Five sections comprise your Koi’s tail: the base, the middle section, the upper portion, the lower portion, and the tip. The tail’s base is where it begins, comprising about half of its length. The upper portion bridges an area wider than the base and narrower than the middle. The middle section extends to the end of the tail fin. This lower portion is still narrower and connects the tail to the body. At the end of the tail is the tip. It is shaped like a wedge and is often colored differently than the rest of the tail. Some varieties may even have spots or stripes.


Koi have panoramic vision up to six feet and in color. Their eyes can also see in two directions simultaneously and independently of one another. However, eyes are a luxury for Koi, which don’t require them for survival. Blind fish can find food using their barbels, lips, and mouths. The lateral line also helps them detect the whereabouts of other fish and pond structures.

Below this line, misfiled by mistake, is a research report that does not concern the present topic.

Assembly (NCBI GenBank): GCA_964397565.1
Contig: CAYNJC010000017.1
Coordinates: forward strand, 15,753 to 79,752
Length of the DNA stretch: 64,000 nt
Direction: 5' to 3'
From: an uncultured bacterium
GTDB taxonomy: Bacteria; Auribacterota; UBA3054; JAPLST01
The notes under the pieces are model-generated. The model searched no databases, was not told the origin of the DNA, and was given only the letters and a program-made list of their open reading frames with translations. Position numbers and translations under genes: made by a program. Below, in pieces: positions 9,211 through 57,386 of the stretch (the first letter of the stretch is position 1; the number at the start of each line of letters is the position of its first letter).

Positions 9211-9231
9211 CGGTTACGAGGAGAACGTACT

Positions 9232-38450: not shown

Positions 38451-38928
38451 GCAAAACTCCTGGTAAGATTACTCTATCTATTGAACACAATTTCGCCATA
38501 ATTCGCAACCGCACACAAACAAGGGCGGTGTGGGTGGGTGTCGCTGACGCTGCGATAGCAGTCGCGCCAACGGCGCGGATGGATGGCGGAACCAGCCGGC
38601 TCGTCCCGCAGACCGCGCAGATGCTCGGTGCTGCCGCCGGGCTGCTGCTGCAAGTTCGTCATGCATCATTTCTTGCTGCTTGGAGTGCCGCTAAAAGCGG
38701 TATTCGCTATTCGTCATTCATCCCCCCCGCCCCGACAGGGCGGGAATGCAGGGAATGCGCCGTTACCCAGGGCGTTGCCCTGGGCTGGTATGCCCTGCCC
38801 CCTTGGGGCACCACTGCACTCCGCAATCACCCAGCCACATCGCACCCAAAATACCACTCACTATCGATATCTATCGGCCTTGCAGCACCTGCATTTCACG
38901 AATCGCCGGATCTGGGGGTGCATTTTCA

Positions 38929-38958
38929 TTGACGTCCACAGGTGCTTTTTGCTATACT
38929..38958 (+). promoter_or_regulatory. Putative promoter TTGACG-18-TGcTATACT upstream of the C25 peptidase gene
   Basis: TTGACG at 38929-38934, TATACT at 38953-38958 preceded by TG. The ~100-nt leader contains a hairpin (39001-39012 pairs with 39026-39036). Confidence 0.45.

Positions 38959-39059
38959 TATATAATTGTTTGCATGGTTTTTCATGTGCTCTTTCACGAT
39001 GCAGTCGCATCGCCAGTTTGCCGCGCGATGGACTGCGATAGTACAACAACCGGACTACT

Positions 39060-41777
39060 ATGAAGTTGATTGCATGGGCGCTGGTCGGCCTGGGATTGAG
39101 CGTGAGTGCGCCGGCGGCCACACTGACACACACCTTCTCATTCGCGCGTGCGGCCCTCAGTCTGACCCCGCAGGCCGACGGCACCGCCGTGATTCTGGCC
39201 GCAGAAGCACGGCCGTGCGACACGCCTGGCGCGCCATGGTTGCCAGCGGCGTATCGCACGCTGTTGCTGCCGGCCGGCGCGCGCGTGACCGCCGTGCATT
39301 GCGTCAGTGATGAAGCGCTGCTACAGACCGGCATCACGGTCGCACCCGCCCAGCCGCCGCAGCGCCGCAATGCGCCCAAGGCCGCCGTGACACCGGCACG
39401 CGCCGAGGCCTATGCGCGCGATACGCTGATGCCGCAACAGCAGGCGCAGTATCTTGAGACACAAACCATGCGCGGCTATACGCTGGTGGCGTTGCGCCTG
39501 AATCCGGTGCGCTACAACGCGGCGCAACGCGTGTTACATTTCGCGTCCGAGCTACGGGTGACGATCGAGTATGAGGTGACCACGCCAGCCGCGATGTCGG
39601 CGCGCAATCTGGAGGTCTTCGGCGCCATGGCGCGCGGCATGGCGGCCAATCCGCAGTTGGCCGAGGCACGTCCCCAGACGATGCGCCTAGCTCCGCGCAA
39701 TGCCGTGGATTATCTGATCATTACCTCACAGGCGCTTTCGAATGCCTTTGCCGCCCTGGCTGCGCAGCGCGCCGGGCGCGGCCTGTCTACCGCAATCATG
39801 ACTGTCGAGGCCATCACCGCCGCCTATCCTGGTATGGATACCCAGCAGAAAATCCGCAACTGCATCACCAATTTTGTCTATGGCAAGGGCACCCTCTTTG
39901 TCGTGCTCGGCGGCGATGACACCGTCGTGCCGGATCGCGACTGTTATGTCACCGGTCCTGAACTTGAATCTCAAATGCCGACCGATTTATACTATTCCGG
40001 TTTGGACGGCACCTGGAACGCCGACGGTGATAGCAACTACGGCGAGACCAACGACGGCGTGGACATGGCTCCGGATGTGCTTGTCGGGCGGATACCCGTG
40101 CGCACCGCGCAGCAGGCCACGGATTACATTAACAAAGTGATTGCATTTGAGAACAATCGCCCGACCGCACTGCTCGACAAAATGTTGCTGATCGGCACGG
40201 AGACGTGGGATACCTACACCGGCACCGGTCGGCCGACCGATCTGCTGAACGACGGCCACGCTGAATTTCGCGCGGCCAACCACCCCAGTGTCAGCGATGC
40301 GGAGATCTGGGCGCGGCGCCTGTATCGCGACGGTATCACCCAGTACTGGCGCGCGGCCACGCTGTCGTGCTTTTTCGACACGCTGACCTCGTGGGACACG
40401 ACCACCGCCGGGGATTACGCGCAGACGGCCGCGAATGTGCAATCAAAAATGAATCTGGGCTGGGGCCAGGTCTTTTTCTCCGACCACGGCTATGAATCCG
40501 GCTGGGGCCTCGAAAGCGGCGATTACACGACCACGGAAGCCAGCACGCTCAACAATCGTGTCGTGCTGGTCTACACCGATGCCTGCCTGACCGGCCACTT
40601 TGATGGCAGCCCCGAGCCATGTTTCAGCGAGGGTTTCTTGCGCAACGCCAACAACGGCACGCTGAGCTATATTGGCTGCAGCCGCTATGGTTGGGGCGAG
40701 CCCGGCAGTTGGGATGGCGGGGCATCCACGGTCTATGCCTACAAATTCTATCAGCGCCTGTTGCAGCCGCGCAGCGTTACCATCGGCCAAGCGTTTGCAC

Koi have multifaceted mouths that they use for a variety of sensory tasks in addition to feeding. The protruding mouth toward the bottom of the head provides a Koi’s primary sense of touch and is ideal for foraging on the pond’s floor. The Koi uses pressure receptors to feel and assess items it finds. Two sets of muscle-controlled barbels flank the mouth and contain sensitive taste buds. It will reject inedible debris within a few seconds.


Koi have U-shaped nostrils (nares) on either side of the snout between the eyes and mouth. The base of these nostrils contains olfactory organs. They are fashioned like miniature tubeswater enters through the front and escapes through the back. Hair-like cilia within the nares help detect substances. Water does not pass from the nares to any other body part.

Internal Anatomy